[quote=“Chandler, post:32, topic:1250”]
This argument about scale makes no sense. Why would anyone care about scale? [/quote]
Because if you’re comparing apple to apple, you have to make sure you’re actually looking at two apples. Not an apple and an orange. Were we not comparing the most successful indie artist (top elite of this group) to the most successful signed artist (the top elite of that group)? Then you need to use the same criteria. If you want to look only the absolute top rung of the indie ladder, you have to also only look at the top rung of the signed artist ladder. Its a false comparison if you only compare the overall success of the MOST successful indie artist to the MODERATELY successful signed artists.
You took two contrasting models (signed vs independent). Then (what I thought you had said was) an artist can attain EQUAL success on either model, thus there wasn’t a need for the signed model. Then it seemed you had supplemented the premise by asserting that they can do anything the major label can. I said that’s buffoonery. You rebutted that Chance has achieved the same level of success independently and therefore I’m incorrect. No. Not even close. Chance (the top 1% of the indie artist) hasn’t gotten anywhere near the same top 1% of signed label success. Thus he has NOT accomplished ‘doing what a major label can do’ on his own. He might get there someday. Good for him. But he’s not there yet.
Also you said that Chance the rapper is only the .1% of no label artist, which is true, but how many major label artist are really selling multi-platinum. 1%? [/quote]
Woah, WTF?! haha. I guess if Chance is a hypothetical .1%, then 1% (of signed artists) implies would have existed at least 10 multi-platinum artists in the year of 2016, since the difference of .1% and 1% is x10. Since that is correct, I guess the answer ‘yes’, whatever that happens to mean???
By the way, Chance isn’t multi-platinum. He’s single platinum.
Ah. So now we have some clarification of the premise - and you drew a conclusion from it.
Artists do not need a label to become successful.
Artists will realize they do not need a label to become successful.
[presupposing] The monetary success of a label depends on the artists ignorance of this.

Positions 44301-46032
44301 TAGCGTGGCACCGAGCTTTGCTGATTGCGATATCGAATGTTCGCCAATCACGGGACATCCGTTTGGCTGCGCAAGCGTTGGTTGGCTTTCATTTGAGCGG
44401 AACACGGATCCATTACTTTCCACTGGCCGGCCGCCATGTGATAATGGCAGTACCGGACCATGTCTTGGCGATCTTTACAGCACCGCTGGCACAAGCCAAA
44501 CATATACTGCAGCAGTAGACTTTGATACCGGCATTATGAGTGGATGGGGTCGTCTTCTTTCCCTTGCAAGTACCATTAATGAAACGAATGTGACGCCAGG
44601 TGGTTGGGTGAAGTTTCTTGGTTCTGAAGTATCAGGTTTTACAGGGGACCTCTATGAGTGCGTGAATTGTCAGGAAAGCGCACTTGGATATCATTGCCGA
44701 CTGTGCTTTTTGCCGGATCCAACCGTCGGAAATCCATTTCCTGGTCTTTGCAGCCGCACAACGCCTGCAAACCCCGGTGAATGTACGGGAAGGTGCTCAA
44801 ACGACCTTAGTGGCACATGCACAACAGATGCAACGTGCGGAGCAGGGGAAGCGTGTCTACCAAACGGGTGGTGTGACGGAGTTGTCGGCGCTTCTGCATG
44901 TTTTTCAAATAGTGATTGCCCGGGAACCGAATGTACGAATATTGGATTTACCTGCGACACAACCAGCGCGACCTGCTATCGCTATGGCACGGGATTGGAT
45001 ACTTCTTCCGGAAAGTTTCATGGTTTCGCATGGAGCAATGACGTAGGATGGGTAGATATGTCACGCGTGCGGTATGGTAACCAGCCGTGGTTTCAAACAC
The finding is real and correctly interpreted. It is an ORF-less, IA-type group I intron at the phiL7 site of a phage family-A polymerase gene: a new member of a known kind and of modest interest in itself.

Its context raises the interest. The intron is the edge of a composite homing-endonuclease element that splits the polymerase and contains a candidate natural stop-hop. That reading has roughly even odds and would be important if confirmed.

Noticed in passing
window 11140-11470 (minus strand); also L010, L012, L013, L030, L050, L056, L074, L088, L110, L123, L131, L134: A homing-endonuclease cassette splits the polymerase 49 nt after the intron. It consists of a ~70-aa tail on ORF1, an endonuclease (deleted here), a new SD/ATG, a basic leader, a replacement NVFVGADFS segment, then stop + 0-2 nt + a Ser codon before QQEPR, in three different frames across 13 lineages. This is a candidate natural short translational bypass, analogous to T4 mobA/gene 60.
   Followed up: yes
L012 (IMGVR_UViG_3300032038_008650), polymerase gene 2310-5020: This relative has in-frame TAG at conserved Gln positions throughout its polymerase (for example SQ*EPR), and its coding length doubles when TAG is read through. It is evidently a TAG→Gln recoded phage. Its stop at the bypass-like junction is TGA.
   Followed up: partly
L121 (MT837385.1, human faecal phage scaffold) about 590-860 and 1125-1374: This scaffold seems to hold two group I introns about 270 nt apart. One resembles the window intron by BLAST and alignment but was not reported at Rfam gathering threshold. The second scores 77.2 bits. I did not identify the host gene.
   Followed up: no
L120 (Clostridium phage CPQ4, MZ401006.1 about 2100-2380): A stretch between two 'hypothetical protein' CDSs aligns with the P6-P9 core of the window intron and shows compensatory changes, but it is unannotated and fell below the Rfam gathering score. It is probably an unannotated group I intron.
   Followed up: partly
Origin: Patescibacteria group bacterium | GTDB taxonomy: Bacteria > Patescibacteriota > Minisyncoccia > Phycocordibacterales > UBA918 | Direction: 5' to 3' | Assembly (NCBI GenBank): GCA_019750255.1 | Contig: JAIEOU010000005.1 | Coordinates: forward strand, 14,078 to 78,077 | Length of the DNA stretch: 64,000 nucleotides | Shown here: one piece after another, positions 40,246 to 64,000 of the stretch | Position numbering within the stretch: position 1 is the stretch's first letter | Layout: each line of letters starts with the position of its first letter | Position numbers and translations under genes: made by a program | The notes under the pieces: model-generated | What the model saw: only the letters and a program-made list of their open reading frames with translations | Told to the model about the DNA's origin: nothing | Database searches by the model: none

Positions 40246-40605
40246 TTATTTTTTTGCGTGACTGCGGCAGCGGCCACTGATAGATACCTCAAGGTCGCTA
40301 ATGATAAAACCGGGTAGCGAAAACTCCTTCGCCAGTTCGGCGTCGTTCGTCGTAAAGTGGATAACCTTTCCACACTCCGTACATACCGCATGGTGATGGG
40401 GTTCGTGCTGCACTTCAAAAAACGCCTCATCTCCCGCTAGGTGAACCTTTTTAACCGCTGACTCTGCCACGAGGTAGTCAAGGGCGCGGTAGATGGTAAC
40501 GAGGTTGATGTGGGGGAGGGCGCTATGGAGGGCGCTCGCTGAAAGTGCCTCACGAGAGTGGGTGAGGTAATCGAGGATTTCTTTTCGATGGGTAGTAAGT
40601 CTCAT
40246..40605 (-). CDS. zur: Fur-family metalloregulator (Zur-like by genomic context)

Therefore: in the future labels will loose money.
Welp. That’s interesting.
I said “In the future fewer artist will use record labels because they can be successful without them”. You are the one that started talking about not being able to achieve the same success as major label artist. I gave you an example of someone that has and you said that’s not the same level. I don’t know what your definition of major label success is? You haven’t defined it and you seem to be shifting your arguments around.
I’ll state things more clearly, so you can understand. In the future more artists will choose to be independent because being independent won’t stop you from making millions of dollars with your music. Many artist will realize they can make more money and have more success being independent than being on a label, so they won’t sign to major labels. This will cause major labels to lose money.
Aargh!! I think I’m lost. Are you guys sure this is a music forum???
[quote=“Chandler, post:34, topic:1250”]
I said “In the future fewer artist will use record labels because they can be successful without them”. You are the one that started talking about not being able to achieve the same success as major label artist. I gave you an example of someone that has and you said that’s not the same level. I don’t know what your definition of major label success is? You haven’t defined it and you seem to be shifting your arguments around. [/quote]
I was shifting my arguments because I had misunderstood what you were saying at first. But you clarified it. My personal opinion on how major success is defined was actually irrelevant to the previous discussion, in the previous context. Because the relative level of that success (which I had first taken was the basis) was easily weighed against the numbers in both the independent vs traditional models. I didn’t need to define it because you already had. All that was needed to show that there are careers much bigger than Chance’s.
If you want my definition of artists success anyway, I’ll toss it on the table. I would probably look at income year-to-date of the entire corporation, longevity of the product lines respective to competitors, the longevity of publishing catalog since date of creation, and capital gains on the owner equity. I think that’s fair. That should even the playing field, so that artists with large OE in their balance columns are regarded as successful vs artists that are showing a high levels of activity in cashflow, but only because their P&L is rammed up at the moment. [added]: A dormant PL (from an artist on hiatus) does not send the artist back to zero if gains are consolidated and secured, which will show in the artists OE.